Unformatted text preview: e internuclear axis (due to relativistic effects) is faster than the molecular rotation. (Example: OH.) Hund Case (b): The precession of the electron spin around the internuclear axis is slower than the molecular rotation (Example: H2+.) In the Case (a) molecules, Σ is a conserved quantum number, and hence so is Ω=Λ+Σ. For example, OH is a 2Π molecule and so the possible values of Ω are 1/2 and 3/2 (and their negatives – see later). We therefore know that J must be at least as large as Ω and have the same character (either integer or half
integer). For a given value of J, the squared angular momentum perpendicular to the internuclear axis is J(J+1)−Ω2. We know that for each value of Ω the above analysis gives two sets of energy levels for each J. Since the parity transformation reverses the sign of Ω, there is (for Ω≠0) one positive parity and one negative parity level. The degeneracy between them is broken by a multitude of corrections associated with finite nuclear:electron mass ratio, etc. In the Case (b) molecules, N is a conserved quantum number. A similar argument to the above shows that N is an integer, and is at least Λ. For Λ≠0, there are two degenerate levels, one of positive and one of negative parity, a phenomenon known as Λ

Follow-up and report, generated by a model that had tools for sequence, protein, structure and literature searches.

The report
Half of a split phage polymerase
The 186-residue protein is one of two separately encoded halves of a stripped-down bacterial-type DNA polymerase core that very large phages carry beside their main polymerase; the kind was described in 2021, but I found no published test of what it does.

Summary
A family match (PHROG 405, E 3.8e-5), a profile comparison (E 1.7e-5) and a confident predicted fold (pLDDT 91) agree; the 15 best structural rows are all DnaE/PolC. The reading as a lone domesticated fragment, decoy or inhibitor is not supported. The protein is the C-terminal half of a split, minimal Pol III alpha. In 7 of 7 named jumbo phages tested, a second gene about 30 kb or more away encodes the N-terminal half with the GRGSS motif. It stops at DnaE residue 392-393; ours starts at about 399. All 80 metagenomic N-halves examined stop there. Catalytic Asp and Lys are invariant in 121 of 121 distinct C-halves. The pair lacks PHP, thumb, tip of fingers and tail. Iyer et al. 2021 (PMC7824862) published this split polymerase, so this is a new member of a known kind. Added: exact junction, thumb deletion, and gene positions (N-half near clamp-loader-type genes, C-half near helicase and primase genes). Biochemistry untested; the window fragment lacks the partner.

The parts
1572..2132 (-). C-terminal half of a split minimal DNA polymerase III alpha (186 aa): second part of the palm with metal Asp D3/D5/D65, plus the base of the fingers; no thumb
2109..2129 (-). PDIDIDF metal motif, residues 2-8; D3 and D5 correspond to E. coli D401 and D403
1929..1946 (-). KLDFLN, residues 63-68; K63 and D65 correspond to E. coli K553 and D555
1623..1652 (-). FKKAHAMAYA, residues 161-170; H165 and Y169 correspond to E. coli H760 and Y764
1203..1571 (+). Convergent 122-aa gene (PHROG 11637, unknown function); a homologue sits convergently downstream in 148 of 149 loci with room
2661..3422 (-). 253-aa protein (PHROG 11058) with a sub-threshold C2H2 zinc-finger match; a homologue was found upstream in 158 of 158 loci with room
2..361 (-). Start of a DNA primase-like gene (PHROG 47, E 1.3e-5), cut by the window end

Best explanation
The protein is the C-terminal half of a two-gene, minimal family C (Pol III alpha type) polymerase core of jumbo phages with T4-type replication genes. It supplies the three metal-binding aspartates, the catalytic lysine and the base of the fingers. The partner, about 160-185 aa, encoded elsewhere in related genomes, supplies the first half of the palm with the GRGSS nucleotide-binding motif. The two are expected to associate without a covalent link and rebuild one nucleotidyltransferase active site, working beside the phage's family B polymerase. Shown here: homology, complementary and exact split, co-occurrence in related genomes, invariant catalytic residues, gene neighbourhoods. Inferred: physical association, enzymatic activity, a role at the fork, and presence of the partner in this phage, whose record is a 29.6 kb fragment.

doubling. The total angular momentum J takes on values from N−S to N+S in steps of ΔJ=1. C. VIBRATION We next consider vibration. The molecule has a natural frequency of vibration, ω = (k/μ)1/2, where k is the force constant of the bond and μ the reduced mass. The vibrational energy is Evib = (v+½)ω, where the vibrational quantum number v=0,1,2,…. Typical vibrational frequencies are in the mid
IR: ~1014 Hz, or somewhat les...
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 Winter '08
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